Frey, W. Diversity Explosion: How New Racial Demographics Are Remaking America. Rev. ed. Washington, DC: Brookings Institution Press, 2018.
This book examines contemporary demographics of US suburbs. In particular, the author advances a theory of melting pot suburbs which are racially and ethnically diverse. The volume is heavy on Census-based statistics which are used to paint a picture of suburbs as increasingly racially diverse and declining in segregation despite suburban origin stories rooted in segregation. This revised and updated edition adds a section on political divides across geographies and generations.
Jackson, K. Crabgrass Frontier: The Suburbanization of the United States. New York: Oxford University Press, 1985.
Crabgrass Frontier is often regarded as canon in the study of suburbs. This history traces the development of the idea of suburbs, their development patterns, and how they relate to central cities. In narrating the proliferation of postwar suburban boom, there are discussions of the use of racially exclusionary practices in lending and steering which blocked the access of Black families to many emerging suburbs.
Johnson, K. S. “‘Black’ Suburbanization: American Dream or the New Banlieue?” The Cities Papers (2014).
This paper explores the increasing suburbanization of African Americans with an eye toward what this new spatial arrangement may mean for political engagement. Johnson astutely points out that racial and ethnic minorities at the periphery of cities is globally the norm, so lessons may be drawn from international contexts. Johnson raises questions about the role of suburban fragmentation and class divisions within the Black community as areas of future study.
Lacy, K. R. The New Sociology of Suburbs: A Research Agenda for Analysis of Emerging Trends. Annual Review of Sociology 42.1 (2016): 369–384.
In this review piece, sociologist Karyn Lacy calls attention to the dearth of contemporary research on suburban contexts. In particular, Lacy highlights three trends, the last of which is especially relevant: the increase in poverty in suburban communities; the increase in racial diversity, especially due to immigration; and the migratory patterns of Black people returning to southern suburbs.
Lewis-McCoy, R. L. Inequality in the Promised Land: Race, Resources and Suburban Schooling. Stanford, CA: Stanford University Press, 2014.
This book examines a set of schools in an idyllic “liberal” suburban city in the Midwest. Using qualitative and archival evidence, Lewis-McCoy explores how opportunity hoarding shapes the chances and experiences of both White and Black families. The author finds middle classness and suburban access does not shield Black families from the harms of racism in schools and common approaches to addressing school inequality are ill-fitted for the suburban front.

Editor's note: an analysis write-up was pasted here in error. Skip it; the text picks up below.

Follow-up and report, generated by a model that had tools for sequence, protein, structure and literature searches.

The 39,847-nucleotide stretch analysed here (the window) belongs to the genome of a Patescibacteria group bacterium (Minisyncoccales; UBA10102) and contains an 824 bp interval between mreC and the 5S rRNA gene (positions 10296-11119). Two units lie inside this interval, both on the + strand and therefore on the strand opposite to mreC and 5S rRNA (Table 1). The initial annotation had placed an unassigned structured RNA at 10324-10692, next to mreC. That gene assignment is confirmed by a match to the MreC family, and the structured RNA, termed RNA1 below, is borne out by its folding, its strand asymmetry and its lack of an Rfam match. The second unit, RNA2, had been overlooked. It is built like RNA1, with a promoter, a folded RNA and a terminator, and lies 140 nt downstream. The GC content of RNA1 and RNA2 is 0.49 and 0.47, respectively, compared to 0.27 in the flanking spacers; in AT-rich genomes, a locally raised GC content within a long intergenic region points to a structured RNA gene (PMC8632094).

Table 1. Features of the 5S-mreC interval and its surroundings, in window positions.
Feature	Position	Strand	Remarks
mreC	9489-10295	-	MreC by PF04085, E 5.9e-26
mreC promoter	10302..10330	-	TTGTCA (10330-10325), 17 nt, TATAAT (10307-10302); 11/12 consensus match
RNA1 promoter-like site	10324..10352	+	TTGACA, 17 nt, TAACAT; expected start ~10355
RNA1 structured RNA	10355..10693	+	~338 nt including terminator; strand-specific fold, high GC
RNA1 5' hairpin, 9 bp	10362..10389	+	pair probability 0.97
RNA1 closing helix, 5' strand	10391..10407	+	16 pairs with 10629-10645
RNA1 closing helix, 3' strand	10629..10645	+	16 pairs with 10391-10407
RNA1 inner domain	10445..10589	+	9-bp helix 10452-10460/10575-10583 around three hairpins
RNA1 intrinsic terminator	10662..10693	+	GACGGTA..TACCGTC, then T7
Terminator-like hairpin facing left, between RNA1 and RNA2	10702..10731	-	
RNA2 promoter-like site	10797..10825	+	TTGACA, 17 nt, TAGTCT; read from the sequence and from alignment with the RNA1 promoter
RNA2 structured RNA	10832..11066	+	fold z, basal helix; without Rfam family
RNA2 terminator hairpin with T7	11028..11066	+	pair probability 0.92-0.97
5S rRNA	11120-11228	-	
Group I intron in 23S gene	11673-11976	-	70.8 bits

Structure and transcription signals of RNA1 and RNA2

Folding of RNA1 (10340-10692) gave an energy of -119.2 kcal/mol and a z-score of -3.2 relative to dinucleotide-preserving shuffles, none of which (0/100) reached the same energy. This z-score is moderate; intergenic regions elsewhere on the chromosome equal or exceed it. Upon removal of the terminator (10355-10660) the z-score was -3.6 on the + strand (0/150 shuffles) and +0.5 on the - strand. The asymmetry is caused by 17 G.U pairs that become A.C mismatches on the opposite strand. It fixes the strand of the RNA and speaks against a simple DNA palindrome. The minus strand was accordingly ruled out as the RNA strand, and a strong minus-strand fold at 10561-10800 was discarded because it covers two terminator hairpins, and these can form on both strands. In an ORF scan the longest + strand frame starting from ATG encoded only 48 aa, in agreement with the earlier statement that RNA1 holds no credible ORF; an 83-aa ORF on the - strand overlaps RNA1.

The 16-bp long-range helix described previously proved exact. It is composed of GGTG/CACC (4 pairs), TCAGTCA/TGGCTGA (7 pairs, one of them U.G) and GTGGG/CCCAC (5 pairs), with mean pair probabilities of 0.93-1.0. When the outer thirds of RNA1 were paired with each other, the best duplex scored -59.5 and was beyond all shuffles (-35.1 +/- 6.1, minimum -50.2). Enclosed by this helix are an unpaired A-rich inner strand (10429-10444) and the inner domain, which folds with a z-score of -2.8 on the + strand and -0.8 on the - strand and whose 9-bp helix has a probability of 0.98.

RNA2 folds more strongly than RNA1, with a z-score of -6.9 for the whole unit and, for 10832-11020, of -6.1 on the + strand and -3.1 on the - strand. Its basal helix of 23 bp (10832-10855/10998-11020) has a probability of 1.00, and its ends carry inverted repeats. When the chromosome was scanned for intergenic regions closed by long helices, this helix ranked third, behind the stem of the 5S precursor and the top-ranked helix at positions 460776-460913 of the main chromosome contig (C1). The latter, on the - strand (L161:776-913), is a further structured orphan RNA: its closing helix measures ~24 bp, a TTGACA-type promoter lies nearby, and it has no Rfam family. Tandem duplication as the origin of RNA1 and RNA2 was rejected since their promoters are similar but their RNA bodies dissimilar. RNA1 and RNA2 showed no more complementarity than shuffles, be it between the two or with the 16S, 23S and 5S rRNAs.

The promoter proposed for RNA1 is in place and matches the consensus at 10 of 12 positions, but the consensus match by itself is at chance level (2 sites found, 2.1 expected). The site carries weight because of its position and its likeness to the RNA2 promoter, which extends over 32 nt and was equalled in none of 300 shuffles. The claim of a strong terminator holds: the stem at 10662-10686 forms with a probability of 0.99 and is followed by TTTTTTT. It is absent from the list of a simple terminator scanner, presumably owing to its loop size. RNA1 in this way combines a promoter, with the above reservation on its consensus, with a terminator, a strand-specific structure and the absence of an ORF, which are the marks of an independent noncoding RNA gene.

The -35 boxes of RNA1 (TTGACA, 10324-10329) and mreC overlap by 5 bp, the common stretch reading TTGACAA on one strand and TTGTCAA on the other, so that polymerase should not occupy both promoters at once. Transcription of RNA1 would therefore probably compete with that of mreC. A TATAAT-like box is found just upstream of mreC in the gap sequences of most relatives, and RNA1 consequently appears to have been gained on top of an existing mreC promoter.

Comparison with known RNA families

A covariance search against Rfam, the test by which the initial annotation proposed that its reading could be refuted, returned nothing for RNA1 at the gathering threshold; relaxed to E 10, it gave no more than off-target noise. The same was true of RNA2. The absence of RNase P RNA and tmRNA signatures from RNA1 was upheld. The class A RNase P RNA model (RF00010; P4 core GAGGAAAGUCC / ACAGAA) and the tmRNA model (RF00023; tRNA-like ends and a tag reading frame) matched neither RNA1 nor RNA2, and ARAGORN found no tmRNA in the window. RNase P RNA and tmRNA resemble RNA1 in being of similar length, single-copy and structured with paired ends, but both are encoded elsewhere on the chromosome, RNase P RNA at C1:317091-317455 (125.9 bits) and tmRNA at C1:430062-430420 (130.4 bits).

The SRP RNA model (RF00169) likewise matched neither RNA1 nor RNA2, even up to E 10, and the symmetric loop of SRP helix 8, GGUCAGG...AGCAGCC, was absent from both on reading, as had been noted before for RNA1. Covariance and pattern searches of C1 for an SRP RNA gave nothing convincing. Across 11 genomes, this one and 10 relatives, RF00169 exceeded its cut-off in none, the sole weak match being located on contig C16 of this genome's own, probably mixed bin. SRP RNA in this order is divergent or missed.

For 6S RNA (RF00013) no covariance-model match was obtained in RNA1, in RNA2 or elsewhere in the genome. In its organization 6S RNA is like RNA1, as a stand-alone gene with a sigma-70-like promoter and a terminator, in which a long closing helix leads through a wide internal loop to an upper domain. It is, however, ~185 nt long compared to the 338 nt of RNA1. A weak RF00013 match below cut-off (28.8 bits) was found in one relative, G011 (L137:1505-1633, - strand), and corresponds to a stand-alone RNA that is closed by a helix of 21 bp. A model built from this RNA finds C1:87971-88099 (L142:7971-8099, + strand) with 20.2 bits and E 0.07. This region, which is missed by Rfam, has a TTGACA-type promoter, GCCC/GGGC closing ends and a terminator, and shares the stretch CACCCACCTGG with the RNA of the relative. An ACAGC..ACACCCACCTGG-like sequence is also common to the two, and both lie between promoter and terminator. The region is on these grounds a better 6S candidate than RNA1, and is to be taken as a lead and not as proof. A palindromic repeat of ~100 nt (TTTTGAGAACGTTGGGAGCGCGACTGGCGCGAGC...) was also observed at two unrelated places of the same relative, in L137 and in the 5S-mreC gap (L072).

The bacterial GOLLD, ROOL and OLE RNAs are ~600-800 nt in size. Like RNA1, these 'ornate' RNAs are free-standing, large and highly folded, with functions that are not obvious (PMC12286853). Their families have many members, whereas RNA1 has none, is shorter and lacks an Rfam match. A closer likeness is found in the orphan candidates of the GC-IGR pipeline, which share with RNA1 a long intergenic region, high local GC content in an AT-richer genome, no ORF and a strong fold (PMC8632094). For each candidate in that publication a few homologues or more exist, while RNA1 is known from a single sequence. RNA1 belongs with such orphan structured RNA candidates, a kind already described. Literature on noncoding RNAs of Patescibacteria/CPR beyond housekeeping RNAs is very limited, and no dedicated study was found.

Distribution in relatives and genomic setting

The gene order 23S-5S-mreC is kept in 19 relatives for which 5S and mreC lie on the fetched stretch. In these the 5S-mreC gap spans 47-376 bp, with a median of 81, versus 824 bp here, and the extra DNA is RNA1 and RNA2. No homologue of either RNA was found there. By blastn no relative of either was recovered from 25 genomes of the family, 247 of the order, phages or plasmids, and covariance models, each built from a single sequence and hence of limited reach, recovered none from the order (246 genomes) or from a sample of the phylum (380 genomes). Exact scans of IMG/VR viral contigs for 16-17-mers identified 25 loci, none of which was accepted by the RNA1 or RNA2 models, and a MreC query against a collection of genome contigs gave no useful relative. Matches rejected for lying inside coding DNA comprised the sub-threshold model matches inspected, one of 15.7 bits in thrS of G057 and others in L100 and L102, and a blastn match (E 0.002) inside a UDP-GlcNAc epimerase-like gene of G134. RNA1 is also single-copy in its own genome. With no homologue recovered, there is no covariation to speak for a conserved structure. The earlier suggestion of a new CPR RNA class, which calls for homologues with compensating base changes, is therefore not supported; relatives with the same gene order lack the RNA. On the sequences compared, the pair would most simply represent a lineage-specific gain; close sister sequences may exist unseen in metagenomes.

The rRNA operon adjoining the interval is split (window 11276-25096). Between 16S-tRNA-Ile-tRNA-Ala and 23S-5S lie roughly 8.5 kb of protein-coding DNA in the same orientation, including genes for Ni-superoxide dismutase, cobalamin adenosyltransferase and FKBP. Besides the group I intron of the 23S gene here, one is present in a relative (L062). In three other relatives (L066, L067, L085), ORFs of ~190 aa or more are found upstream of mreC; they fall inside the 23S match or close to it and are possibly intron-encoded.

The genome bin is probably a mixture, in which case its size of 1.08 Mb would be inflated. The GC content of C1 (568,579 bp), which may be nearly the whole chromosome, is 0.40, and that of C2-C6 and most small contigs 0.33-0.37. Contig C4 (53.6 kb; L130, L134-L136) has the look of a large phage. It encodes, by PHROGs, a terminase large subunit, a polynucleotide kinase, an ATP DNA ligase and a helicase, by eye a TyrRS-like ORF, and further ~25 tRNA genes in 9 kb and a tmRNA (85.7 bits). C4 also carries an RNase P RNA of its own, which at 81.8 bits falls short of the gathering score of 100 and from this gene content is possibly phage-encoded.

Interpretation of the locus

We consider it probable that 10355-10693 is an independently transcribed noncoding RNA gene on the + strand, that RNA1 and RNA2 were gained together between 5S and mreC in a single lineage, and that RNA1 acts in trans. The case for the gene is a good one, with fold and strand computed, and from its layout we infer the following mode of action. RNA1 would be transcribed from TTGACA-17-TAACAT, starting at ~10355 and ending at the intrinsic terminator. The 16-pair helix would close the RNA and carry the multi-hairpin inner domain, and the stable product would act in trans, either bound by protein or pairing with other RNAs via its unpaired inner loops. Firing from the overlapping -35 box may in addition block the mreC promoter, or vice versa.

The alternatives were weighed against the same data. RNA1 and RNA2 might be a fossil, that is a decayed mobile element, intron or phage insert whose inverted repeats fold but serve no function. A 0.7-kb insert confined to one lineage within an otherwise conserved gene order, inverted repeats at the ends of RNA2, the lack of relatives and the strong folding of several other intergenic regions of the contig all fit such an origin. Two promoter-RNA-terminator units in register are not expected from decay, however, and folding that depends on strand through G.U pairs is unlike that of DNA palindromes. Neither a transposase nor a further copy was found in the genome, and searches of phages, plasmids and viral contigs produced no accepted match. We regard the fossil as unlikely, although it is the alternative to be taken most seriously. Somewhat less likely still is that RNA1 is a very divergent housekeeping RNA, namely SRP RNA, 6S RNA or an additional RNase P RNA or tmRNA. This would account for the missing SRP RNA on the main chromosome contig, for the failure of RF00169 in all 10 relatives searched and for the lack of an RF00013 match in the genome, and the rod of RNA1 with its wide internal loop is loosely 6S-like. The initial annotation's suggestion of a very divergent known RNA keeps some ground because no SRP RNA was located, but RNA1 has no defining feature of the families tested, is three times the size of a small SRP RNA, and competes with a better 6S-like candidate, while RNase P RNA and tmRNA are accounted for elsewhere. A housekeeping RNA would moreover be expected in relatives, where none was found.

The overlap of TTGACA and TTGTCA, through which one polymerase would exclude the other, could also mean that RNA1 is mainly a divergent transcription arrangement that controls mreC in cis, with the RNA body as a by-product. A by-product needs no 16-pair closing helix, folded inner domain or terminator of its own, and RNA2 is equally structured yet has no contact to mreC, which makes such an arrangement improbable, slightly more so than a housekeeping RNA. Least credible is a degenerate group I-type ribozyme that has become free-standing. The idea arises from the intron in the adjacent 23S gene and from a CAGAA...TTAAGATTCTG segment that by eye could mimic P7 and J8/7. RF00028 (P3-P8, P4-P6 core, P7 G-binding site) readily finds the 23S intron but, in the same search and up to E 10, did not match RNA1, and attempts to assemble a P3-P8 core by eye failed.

Lewis-McCoy, R. L. Suburban Black Lives Matter. Urban Education 53.2 (2018): 145–161.
In this article, Lewis-McCoy discusses the ways kindling of the Black Lives Matter movement were born in suburban areas and the necessity for scholarship to look at the suburbs. Through a discussion of majority-minority suburbs, gateway suburbs, and exclusive enclaves the author suggests more specificity is needed in scholarship on the Black suburban experience, given the majority of Black people now reside in the suburbs.
Rose, H. Black Suburbanization: Access to Improved Quality of Life or Maintenance of the Status Quo? Cambridge, MA: Ballinger, 1976.
Drawing on a field survey and secondary data, Rose investigates the extent to which the trend toward Black suburbanization represented promising developments or a continuation of patterns of segregation and ghettoization Black people experienced in central cities. Exploring the topics of housing, education, work, and other social and economic factors, he concludes that much of the growth of Black suburbia is best understood as an expansion of distressed urban areas.
Smith, C. W., and C. M. Greer, eds. Black Politics in Transition: Immigration, Suburbanization, and Gentrification. New York: Routledge, 2018.
This edited volume takes up questions of Black politics, thought, and political power in the suburbs and select cities. The authors take a deeply intersectional approach to thinking about how race, ethnicity, and place matter among Black people. Discussions of immigration, ethnic Black communities, and potential shifts in the political attitudes of suburban Black residents lay a foundation for future inquiries into the political life of Black suburban residents.
Taylor, K.-Y. Race for Profit: How Banks and the Real Estate Industry Undermined Black Homeownership. Chapel Hill: University of North Carolina Press, 2019.
Taylor looks at the practice of predatory inclusion in homebuying. In the 1970s the federal government’s exclusionary practices changed due to a public-private partnership. This new partnership targeted low-income Black women for homebuying programs with unfavorable terms. The result was the solidification of White middle-class access to the suburban periphery and a deeper financial crippling of Black families in the urban core.